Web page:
China ups domestic spending as economy slows


The Associated Press

In this Friday March 2, 2012 photo, a worker stands at a construction site of a new apartment complex in Shanghai, China. Chinese Premier Wen Jiabao outlined plans Monday, March 5, 2012 to fuel domestic consumption, including subsidies for social programs and higher spending for businesses, as the government grapples with a slowing economy and rising public demands for greater fairness

The Associated Press

BEIJING — China’s premier outlined plans Monday to fuel domestic consumption, including subsidies for social programs and higher spending for businesses, as the government grapples with a slowing economy and rising public demands for greater fairness.

In a speech that is China’s equivalent of the state-of-the-nation, Premier Wen Jiabao offered increased assistance and programs to benefit a wide array of groups: higher minimum wages, heftier subsidies for education and farmers, more loans for strapped private businesses and added help for troubled exporters. He called for more paid vacations for workers and expanded consumer credit.

The aim, Wen said, is to help China weather a shift as it looks for new engines of domestic growth while its main markets in Europe and the United States struggle and an investment binge at home flags while demand for jobs persists.

“Internationally, the road to global economic recovery will be tortuous,” Wen said at the opening of the national legislature’s annual session in the Great Hall of the People. “Domestically, it has become more urgent but also more difficult to solve institutional and structural problems and alleviate the problem of unbalanced, uncoordinated and unsustainable development.”

In a sign of the government’s downshift, Wen set the economy’s growth target at 7.5 percent, lower than the 8 percent it has stood at for years. Though forecasts project higher than 8 percent growth for the year, the lower target underscores Beijing’s emphasis on better, not faster growth.

While the National People’s Congress is a largely pro forma affair — its nearly 3,000 delegates are mostly members of the ruling Communist Party — this year’s 10-day session is likely to see more intense back-channel politicking as the leadership negotiates a delicate political transition. President Hu Jintao, Wen and most others in the senior leadership are due to begin stepping aside for a younger generation of leaders.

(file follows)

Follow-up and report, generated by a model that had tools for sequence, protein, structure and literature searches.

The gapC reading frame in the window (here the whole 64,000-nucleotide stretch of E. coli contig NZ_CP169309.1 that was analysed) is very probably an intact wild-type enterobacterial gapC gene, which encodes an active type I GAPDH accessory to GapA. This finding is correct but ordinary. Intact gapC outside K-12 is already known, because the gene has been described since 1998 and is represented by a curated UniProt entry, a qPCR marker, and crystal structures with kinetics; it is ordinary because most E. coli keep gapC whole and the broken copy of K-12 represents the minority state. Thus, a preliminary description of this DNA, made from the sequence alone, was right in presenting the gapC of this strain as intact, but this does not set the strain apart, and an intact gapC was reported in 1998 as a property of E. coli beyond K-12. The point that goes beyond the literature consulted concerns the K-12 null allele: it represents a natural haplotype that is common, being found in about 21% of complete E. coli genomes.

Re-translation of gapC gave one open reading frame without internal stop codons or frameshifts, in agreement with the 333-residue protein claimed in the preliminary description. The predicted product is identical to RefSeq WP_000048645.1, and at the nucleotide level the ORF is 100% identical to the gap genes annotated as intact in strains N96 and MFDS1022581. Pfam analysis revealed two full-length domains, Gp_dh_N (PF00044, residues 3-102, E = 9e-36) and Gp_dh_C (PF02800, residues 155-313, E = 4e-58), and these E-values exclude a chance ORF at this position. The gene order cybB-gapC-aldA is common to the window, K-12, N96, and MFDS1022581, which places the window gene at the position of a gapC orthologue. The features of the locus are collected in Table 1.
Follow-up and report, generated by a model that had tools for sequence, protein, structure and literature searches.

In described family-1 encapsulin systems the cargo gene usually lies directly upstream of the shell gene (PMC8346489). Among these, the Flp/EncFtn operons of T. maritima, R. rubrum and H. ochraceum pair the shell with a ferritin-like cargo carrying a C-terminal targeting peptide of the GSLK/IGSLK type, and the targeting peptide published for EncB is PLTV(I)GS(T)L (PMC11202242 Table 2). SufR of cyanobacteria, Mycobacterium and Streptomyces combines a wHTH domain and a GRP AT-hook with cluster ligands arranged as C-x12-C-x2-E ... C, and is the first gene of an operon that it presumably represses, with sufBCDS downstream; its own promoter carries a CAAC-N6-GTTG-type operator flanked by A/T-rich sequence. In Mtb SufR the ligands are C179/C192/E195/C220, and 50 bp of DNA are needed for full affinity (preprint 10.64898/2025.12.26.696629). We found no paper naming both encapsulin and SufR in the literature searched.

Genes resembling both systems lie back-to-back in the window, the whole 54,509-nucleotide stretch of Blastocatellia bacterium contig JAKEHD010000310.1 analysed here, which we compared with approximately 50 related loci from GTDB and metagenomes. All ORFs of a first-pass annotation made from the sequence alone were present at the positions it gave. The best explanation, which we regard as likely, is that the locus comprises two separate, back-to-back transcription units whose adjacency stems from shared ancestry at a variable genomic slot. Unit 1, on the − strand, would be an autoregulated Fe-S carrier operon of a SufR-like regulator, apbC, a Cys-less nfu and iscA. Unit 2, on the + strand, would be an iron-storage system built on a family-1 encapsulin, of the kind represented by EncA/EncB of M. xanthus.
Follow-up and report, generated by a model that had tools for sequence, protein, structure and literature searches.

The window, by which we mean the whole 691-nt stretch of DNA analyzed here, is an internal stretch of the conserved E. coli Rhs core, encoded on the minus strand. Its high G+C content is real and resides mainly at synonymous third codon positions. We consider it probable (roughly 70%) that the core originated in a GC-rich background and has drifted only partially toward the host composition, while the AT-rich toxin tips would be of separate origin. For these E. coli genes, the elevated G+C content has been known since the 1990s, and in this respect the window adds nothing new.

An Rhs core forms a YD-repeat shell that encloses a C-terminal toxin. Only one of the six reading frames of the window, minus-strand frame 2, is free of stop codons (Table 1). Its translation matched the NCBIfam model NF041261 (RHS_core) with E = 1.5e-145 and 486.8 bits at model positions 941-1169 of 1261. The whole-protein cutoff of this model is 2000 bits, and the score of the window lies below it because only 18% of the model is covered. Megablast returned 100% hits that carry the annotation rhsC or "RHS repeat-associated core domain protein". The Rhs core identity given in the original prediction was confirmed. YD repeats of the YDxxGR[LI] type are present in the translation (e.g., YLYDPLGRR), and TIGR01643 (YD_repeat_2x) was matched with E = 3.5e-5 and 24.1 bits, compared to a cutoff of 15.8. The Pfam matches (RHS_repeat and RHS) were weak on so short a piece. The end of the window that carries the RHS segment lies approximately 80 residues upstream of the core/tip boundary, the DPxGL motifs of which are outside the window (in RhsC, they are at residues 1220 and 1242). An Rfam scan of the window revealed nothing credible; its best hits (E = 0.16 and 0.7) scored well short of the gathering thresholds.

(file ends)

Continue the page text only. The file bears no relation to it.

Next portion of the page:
The program Wen outlined bore all the hallmarks of his and Hu’s nearly decade-old administration. Their leadership has built out a social safety net, trying to redistribute growth away from the prosperous coastal cities toward rural and inland areas and to raise working-class and rural incomes.

Their slow, gradualist approach to policymaking, however, has drawn criticism in recent months as too piecemeal and risk-averse to take on entrenched interests, particularly the powerful state enterprises that dominate the economy and their backers in the bureaucracy. Such a restructuring is needed, the World Bank and outside economists say, if China wants to rise from a middle-income to rich country.

“Political reforms that will cause fundamental changes to the power and interests of different social groups are not going to happen” because the government will not give way to allow public participation, said Yang Fengchun, a professor of government administration at Peking University.

At home, many analysts and political critics have been calling on the leadership to begin reforms to a more open, democratic political system and stop stifling dissent. Squelching protests by farmers dispossessed of their land, migrant workers angry over unfair treatment and even middle-class homeowners upset over pollution and falling home prices consume ever greater government resources.

Always-high security was smothering in central Beijing as the congress opened. Police searched people on the streets around Tiananmen Square, and officers led German shepherds through the crowds watching from afar as the busloads of delegates arrived. At the daily flag-raising ceremony on the square at dawn, plainclothes police grabbed a middle-aged woman just as she tried to scatter leaflets and trundled her into a van. During his nearly 110-minute speech, Wen touched upon the need for social stability several times and alluded to recent anti-government protests by Tibetans and armed clashes with Muslim Uighurs.

“China is a unified multiethnic country,” said Wen. “Only when its ethnic groups are united as one and work for the development of all can China achieve prosperity.”

Mostly, Wen dwelled on the economy and encouraging household spending, which has often gotten short-shrift in government planning that has long favored infrastructure investment and state industries.

“Expanding domestic demand, particularly consumer demand, which is essential to ensuring China’s long-term, steady, and robust economic development, is the focus of our economic work this year,” Wen said.

Overall, Wen said central and local government spending will rise more than 14 percent to 12.4 trillion yuan ($1.97 trillion). Social security and employment and affordable housing received the largest spending increases — 21.9 percent and 23.1 percent respectively. Education spending also continues to rise, with more tuition assistance for students from rural and poor families. More money is to go to school bus safety — a hot-button issue after a collision involving an overcrowded school bus killed 19 students in November.

Mindful of public criticism of rampant corruption and waste, Wen said the government would limit spending on overseas trips and official vehicles and prohibit leading officials from interfering in auctioning off land-use and mining rights. He vowed to “severely punish corruptionists.” The promise drew light applause.